Finally, Resolution R-10 deletes the diocesan canon stating that all property is held in trust for the diocese and the Episcopal Church. The resolution's explanation bases the proposal on a September 2009 South Carolina Supreme Court ruling that allowed the majority of the members of All Saints Church, Pawley's Island, who left the Episcopal Church and the diocese in 2003, to retain the parish property. The court said that the "Dennis Canon," passed by General Convention in 1979 to state that a parish holds its property in trust for the diocese and the Episcopal Church, had no "legal effect" on the title to All Saints' property.

The legality of the Oct. 15 convention was called into question by a group called South Carolina Episcopalians who wrote to Lawrence on Oct. 8 noting that "there is no provision in the governing instruments of the diocese that allow a convention to recess for more than a day, and then reconstitute itself with authority."

The Oct. 15 convention had been called for by Lawrence and the Standing Committee as a re-convening of the March 2010 annual diocesan convention.

"The call of the Standing Committee to re-gather delegates to the 2010 Convention is also invalid in that several of its incumbent members have been serving and voting illegally since January. For that reason, the six resolutions the Standing Committee has proposed cannot be considered, even if the re-convention is legal," wrote Steve Skardon, on behalf of the South Carolina Episcopalians.

Wendt told ENS that his parish of Grace Church is one of the largest in the diocese. "We have a broad range of theological beliefs but the general consensus is that this is not worth fighting over, we can tolerate diversity," he said. "There are several other smaller parishes that have a general consensus along the same lines."

-- Matthew Davies is editor and international correspondent of the Episcopal News Service. The Rev. Mary Frances Schjonberg is national correspondent for the Episcopal News Service and editor of Episcopal News Monthly/Quarterly.
ENS Report

Reconvened 2010 Convention Approves Changes Allowing Secession from the National Church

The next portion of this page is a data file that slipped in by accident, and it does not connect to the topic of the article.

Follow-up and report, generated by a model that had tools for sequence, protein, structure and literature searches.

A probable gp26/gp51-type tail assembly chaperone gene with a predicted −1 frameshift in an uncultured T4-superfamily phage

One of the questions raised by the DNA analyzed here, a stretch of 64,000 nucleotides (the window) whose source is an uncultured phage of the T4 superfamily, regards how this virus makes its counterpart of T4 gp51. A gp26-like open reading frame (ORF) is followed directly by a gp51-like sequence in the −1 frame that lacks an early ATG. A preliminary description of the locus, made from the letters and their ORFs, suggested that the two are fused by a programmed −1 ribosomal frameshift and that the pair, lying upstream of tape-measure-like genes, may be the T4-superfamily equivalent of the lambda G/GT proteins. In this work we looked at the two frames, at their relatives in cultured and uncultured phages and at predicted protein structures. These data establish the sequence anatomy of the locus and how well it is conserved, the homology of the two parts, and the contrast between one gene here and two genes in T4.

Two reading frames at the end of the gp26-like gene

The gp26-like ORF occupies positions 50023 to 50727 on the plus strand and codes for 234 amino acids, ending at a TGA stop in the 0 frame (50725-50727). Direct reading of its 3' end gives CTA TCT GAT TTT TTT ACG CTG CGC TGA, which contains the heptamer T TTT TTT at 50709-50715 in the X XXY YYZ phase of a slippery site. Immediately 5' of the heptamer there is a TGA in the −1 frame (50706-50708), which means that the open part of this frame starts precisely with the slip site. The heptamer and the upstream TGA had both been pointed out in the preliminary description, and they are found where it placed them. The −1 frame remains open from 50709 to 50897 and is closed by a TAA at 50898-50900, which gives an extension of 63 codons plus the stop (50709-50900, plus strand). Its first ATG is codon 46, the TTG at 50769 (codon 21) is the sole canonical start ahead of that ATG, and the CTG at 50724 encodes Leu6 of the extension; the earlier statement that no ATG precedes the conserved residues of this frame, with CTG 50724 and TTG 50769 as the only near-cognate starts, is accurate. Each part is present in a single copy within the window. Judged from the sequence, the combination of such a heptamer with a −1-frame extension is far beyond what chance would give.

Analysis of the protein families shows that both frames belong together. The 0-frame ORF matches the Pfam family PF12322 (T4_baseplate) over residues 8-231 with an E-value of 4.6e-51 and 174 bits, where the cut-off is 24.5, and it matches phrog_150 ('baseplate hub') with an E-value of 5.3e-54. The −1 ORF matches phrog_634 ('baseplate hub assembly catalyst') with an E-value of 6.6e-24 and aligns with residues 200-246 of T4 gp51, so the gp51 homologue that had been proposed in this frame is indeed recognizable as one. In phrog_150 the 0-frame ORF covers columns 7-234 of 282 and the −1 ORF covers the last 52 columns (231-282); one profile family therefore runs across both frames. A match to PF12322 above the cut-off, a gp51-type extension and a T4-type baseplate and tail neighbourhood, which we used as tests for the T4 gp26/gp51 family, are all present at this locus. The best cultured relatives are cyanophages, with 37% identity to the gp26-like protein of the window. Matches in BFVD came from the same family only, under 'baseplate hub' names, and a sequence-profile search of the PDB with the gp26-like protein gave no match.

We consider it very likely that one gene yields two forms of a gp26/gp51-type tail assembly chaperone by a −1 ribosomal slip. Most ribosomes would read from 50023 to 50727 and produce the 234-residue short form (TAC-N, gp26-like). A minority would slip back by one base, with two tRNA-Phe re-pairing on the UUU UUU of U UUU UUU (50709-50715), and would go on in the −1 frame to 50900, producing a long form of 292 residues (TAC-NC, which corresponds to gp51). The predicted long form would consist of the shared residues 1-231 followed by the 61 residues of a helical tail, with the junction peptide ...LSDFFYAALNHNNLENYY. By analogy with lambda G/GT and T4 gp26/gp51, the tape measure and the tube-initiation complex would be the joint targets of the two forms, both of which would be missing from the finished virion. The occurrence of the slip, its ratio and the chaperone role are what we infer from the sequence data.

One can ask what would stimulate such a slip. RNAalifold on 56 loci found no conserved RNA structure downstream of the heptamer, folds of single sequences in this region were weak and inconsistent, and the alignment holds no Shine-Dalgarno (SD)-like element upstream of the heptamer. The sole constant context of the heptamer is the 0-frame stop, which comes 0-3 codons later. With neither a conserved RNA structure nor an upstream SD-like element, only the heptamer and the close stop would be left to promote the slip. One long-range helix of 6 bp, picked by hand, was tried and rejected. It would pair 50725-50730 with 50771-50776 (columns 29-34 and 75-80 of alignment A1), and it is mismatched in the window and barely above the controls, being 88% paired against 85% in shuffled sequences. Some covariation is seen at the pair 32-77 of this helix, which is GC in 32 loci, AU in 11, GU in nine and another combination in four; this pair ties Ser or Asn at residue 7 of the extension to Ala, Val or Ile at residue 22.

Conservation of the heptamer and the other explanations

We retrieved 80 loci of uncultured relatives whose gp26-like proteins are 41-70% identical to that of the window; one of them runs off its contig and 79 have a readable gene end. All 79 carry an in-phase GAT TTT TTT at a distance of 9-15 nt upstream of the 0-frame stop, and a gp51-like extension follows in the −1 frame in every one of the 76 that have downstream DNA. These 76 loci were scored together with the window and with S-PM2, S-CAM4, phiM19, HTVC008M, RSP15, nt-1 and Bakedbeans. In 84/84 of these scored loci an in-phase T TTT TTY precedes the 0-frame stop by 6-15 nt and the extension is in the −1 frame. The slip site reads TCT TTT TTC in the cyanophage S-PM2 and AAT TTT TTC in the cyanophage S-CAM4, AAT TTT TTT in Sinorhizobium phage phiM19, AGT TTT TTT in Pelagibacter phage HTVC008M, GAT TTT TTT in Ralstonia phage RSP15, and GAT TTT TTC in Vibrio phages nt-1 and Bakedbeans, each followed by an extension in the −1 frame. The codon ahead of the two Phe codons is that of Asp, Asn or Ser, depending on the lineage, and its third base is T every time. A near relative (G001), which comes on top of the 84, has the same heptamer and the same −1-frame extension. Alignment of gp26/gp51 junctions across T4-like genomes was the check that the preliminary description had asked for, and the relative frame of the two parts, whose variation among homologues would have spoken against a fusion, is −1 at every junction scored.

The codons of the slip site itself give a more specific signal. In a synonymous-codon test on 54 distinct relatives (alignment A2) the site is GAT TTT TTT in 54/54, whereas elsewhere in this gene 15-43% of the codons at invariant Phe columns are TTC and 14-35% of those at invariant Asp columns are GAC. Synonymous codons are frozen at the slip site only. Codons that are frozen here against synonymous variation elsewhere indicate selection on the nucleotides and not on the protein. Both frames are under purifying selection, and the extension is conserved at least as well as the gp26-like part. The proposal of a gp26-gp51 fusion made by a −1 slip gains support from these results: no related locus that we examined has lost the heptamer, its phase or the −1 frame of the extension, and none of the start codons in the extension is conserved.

Abstract from October 15, 2010, By Steve Skardon www.scepiscopalians.com/

Presiding Bishop "grieves" that Lawrence and his supporters
have misinterpreted her "concern... as aggression"

Diocesan Chancellor seems to be out of the picture, as
delegates leave confused over legalities of the actions

The re-convened 2010 Annual Convention of the Diocese of South Carolina, convinced that the leadership of the Episcopal Church is out to get its rebellious Bishop, easily approved six controversial resolutions altering the Diocese's Constitution and Canons as a prelude to a final departure from the National Church next spring.

Delegates left the convention unsure about exactly what they had done, but convinced that whatever it was, it was the right thing. Some thought they'd voted to leave the national Church. Others said they'd voted to leave the Church next March, while still others insisted they did nothing that would change the relationship of the Diocese to the Episcopal Church.

Egged on by vague comments from Bishop Mark Lawrence, most assumed that he is correctly reporting that national Church leaders are trying to depose him. He has suggested that the revisions to Article IV of the national Church's Constitution are aimed at him, and told associates that he expects to be deposed on July 2nd, one day after the revisions take effect.

One delegate representing a traditional Episcopal parish described as "fantasy" Diocesan leaders' depiction of the attitude of national Church toward the Diocese. The Diocese has been engaged in an imagined culture "war' with Church leaders since 2003 when a majority of dioceses & bishops consented to the election of a gay man as bishop of New Hampshire.

Charleston attorney and delegate Rob Wendt said after the convention, "It's clear that these resolutions are an implicit intent to separate from the Episcopal Church, although the diocesan leadership all state that they have no such intention." Wendt is senior warden of Grace Episcopal Church in Charleston. Traditional Episcopalians at the convention were in agreement with his characterization of the convention.

Presiding Bishop responds. When she was informed of the convention's actions, Presiding Bishop Katharine Jefferts Schori said "I grieve these actions, but I especially grieve Bishop Lawrence's perception of my heartfelt concern for him and for the people of South Carolina as aggression. I don't seek to change his faithfully held positions on human sexuality, nor do I seek to control the inner workings of the diocese. I do seek to repair damaged relationships and ensure that this church is broad enough to include many different sorts and conditions of people. South Carolina and its bishop continue in my prayers."

Lawrence reported to the delegates that the Presiding Bishop had encouraged five bishops to talk with him, that he had spoken directly with her a few months ago, and that those conversations "did not bode well" for his continued episcopate.

SC Episcopalians has spoken with bishops and others close to the House of Bishops who report that, contrary to the Bishop's characterization of their conversations, they are just trying to determinate what he wants. One source said that when he has spoken with fellow bishops about his intentions they say "he is evasive, vague, and resists giving direct answers."